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In this paper, the authors lay out some commonly accepted HCP analytical methods, the challenges of HCP assay, and provide recommendations on what can easily be accomplished in-house and when it may be better to outsource.
Biologics, especially protein drugs, are often produced in cultured cells. Those cultured cells, called host cells, synthesize the target proteins along with the proteins coded by the cell genome for the cells’ own survival, function, and reproduction. Purifying the target protein from the other host cell proteins (HCPs) is the main task for downstream processing of biologics manufacturing.
HCP removal is crucial, as HCPs are often immunogenic and can affect the potency and stability of biologics. Therefore, detection and quantification of residual HCPs are categorized as obligatory critical quality attributes in the biologics manufacturing process, and HCPs are strictly monitored throughout production to ensure safety and potency of the products.
There are thousands of types of HCPs within one cell. For example, Chinese hamster ovary (CHO) cells, which are often used in biologics production, have more than 24,000 coded genes (1), making HCP detection a challenging technique, as both assay breadth (number of HCPs detected) and sensitivity are required. In this paper, the authors lay out some commonly accepted HCP analytical methods, the challenges of HCP assay, especially during late clinical stages (process characterization and validation stages), and provide recommendations on what can easily be accomplished in-house and when it may be better to outsource, due to time, cost, and expertise factors.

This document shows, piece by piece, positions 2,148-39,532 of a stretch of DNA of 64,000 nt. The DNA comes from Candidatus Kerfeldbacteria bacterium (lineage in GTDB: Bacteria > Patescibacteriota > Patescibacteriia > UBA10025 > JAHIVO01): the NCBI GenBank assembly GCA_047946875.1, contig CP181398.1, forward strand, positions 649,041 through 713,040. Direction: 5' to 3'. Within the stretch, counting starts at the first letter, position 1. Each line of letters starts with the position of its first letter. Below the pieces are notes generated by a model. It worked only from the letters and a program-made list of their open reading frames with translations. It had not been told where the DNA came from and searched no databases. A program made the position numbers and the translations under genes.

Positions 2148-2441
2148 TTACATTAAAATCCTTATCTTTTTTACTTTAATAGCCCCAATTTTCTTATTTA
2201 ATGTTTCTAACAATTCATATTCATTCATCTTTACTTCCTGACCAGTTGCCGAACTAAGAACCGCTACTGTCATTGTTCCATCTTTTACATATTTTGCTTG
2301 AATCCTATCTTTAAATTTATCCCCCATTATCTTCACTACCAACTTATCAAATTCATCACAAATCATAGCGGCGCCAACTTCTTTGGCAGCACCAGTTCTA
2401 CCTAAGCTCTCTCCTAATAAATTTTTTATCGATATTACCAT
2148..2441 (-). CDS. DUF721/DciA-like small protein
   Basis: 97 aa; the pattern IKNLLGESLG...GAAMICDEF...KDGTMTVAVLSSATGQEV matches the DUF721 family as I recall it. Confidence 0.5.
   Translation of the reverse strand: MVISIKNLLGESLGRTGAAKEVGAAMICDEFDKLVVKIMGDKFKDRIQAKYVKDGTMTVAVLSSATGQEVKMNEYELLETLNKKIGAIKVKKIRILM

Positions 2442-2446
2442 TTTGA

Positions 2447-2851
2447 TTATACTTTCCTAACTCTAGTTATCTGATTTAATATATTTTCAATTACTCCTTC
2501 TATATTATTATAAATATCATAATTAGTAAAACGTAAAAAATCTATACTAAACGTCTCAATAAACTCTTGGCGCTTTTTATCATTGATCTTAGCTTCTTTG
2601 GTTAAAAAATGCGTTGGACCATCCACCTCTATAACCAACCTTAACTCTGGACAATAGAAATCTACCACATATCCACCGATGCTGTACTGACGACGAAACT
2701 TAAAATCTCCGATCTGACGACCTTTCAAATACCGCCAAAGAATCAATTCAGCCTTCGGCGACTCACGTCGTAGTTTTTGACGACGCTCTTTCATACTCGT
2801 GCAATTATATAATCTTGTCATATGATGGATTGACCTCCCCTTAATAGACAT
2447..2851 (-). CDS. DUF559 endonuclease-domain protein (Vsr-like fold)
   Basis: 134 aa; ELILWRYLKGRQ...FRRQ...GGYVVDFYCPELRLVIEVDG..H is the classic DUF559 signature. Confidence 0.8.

The most common assay method for HCP detection is enzyme-linked immunosorbent assay (ELISA) which utilizes pre-raised HCP antibodies to detect HCPs in samples. As it utilizes enzymes to amplify the signal, ELISA is highly sensitive and can detect HCPs at a level of 1-3ng/mL. ELISA is quality control friendly and is used as a product release assay for nearly all biological products.
The difficult part of HCP ELISA is the coverage assessment of HCP antibodies. HCP antibody coverage data are often requested by regulatory agencies to support the use of an HCP ELISA as early as investigational new drug application (IND) stage. Two-dimensional (2-D) gels followed by Western blot analysis or immunoaffinity purification followed by 2-D gel analysis are often the choices for HCP antibody coverage evaluation.
Two-dimensional gels separate proteins by size and charge, and those proteins are then transferred to a membrane that is incubated with HCP antibodies for Western blot detection (Figure 1a and 1b, courtesy of Xiaoqing Zhu, WuXi Biologics). The technical challenges here are the large size of the gel, which holds thousands of proteins, and the need of transferring those thousands of proteins to a membrane under one voltage and time condition, plus the alignment of each protein on the gel with the corresponding protein on the membrane, making it a task more suitable for experienced and well-equipped labs. There are many experienced contract laboratories available to assist in this more complex analysis.